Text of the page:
In the 17th century, dispossessed members of Clan Donald in Ardnamuchan took over Muck, amongst whom was the famous warrior Colkitto, whilst Eigg became the rallying point for two rebellious attempts to restore Gaeldom's power, whilst on Canna,Clanranald showed his power by building a castle at Corroghon.
The Jacobite risings
A century later the men of Canna and Eigg joined their Clanranald chief in the Jacobite uprisings of 1715 and 1745 with disastrous consequences for all involved.
On Muck and Rum, owned by the Protestant MacLeans of Coll, tenants had to give up the Catholic religion or leave. But in the turmoil that followed the defeat at Culloden, emigration to Canada and America equally affected all four islands, so much so that in 1826, Donald MacLean, the minister of the Small Isles, worried that no one would be left to defend the country!
From clan chiefs to landlords
With no need of armed men, clan chiefs found sheep farming and the harvesting of seaweed for kelp more profitable, so that the Clearances were the next hardship to befall the islands. Clan loyalties were severed as chiefs or their factors sought to get rid of a population they saw as redundant. The entire population of Rum was cleared for sheep by the MacLeans. On the other islands, kelping offered a brief reprieve, but when it collapsed at the end of the Napoleonic wars, impoverished crofters were cleared on Canna and Muck.
Famine and emigration
Poverty and disease were the crofters' lot and when the potato blight struck in 1847, it caused widespread famine with more clearances following on Eigg. The fight for Crofters' rights ensured better conditions by 1886, but for Rum it was too late: the island had already lost its native population.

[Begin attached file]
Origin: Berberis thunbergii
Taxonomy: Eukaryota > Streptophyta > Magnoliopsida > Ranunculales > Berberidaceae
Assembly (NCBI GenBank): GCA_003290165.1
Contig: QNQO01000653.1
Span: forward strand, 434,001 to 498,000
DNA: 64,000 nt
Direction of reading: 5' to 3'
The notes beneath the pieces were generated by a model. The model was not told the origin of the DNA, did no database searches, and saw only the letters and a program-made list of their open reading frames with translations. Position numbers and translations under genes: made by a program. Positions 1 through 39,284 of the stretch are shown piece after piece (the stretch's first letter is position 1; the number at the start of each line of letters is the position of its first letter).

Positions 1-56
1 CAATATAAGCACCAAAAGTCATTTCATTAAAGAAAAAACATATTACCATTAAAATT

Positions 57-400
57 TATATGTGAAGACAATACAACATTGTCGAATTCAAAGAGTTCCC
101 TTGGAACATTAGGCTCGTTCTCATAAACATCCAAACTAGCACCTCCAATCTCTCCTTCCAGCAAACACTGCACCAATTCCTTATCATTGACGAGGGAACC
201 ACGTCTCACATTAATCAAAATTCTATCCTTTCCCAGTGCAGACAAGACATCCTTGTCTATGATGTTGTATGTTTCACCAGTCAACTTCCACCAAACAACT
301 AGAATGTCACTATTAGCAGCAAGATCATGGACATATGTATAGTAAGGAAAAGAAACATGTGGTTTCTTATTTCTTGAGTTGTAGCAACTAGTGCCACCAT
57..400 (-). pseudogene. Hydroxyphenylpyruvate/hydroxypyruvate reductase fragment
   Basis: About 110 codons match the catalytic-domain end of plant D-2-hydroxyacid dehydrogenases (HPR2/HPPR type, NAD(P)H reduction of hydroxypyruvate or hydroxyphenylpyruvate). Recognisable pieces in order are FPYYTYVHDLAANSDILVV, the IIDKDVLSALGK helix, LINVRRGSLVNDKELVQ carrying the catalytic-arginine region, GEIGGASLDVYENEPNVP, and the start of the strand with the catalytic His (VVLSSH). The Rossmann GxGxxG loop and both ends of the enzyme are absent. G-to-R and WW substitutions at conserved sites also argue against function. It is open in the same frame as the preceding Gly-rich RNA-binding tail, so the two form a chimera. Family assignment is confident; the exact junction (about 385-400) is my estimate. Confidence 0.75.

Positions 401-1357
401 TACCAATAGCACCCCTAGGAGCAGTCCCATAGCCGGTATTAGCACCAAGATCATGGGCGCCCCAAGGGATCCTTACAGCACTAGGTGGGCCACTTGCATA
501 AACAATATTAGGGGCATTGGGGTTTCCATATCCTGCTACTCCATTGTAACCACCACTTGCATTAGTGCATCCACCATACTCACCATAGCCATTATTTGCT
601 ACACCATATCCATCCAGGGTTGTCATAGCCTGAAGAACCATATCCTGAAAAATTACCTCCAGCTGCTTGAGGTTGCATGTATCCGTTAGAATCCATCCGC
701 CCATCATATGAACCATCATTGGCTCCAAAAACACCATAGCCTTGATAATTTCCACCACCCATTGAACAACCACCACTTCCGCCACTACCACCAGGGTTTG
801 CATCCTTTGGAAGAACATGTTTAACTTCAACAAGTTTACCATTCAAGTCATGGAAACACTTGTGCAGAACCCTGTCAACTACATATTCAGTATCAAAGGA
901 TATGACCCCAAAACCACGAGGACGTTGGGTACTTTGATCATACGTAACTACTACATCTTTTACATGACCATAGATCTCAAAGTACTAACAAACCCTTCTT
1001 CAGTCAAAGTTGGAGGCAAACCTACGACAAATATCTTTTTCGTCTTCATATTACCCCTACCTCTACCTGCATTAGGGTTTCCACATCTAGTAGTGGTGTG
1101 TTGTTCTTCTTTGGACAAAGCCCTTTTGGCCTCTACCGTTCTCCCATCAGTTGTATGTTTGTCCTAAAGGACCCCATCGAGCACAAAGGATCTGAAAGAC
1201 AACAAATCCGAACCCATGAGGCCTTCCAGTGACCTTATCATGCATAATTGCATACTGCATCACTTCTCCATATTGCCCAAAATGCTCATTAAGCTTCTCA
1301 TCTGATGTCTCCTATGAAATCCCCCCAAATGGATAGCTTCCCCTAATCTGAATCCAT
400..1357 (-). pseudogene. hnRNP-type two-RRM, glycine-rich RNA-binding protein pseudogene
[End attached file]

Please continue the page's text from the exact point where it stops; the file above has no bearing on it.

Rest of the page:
A rich man's playground
From the Victorian era right through to WW1, the islands became attractive to rich individuals looking to bolster their industrial wealth with a landed estate. An ostentatious castle was built on Rum by Lancashire cotton barons, the Bullough family. On Eigg, Lord Runciman, a cabinet minister and shipping magnate erected a more sober holiday mansion. Shooting, fishing and yachting were the popular pastime of the rich elite. But WW2 put an end to ostentatious life-styles. Farm wages finaly went up, but this was not enough to discourage emigration to the city for young islanders. Dwindling population became a concern and on Canna, John Lorne Campbell, a young farming enthusiast with scholarly interests set about revitalising the island's economy, with the help of his American wife, the photographer and folklore collector Margaret Fay Shaw. Together they built an outstanding folklore collection in Canna House and were at the centre of an intellectual network that almost span the globe!
The rise of the community
Today, the islands are firmly in the hands of the people that live on the islands, whether through a Community Trust on Eigg, a family trust on Muck or a partnership between the islanders and a nationwide organisation such as the National Trust of Scotland on Canna or Scottish Natural Heritage on Rum, where a Community Trust is now running part of the island. Stewartship of the land and its rich natural and cultural heritage is now in the hands of the people who live there, not all of them native to the islands, but equally passionate about island life and island living.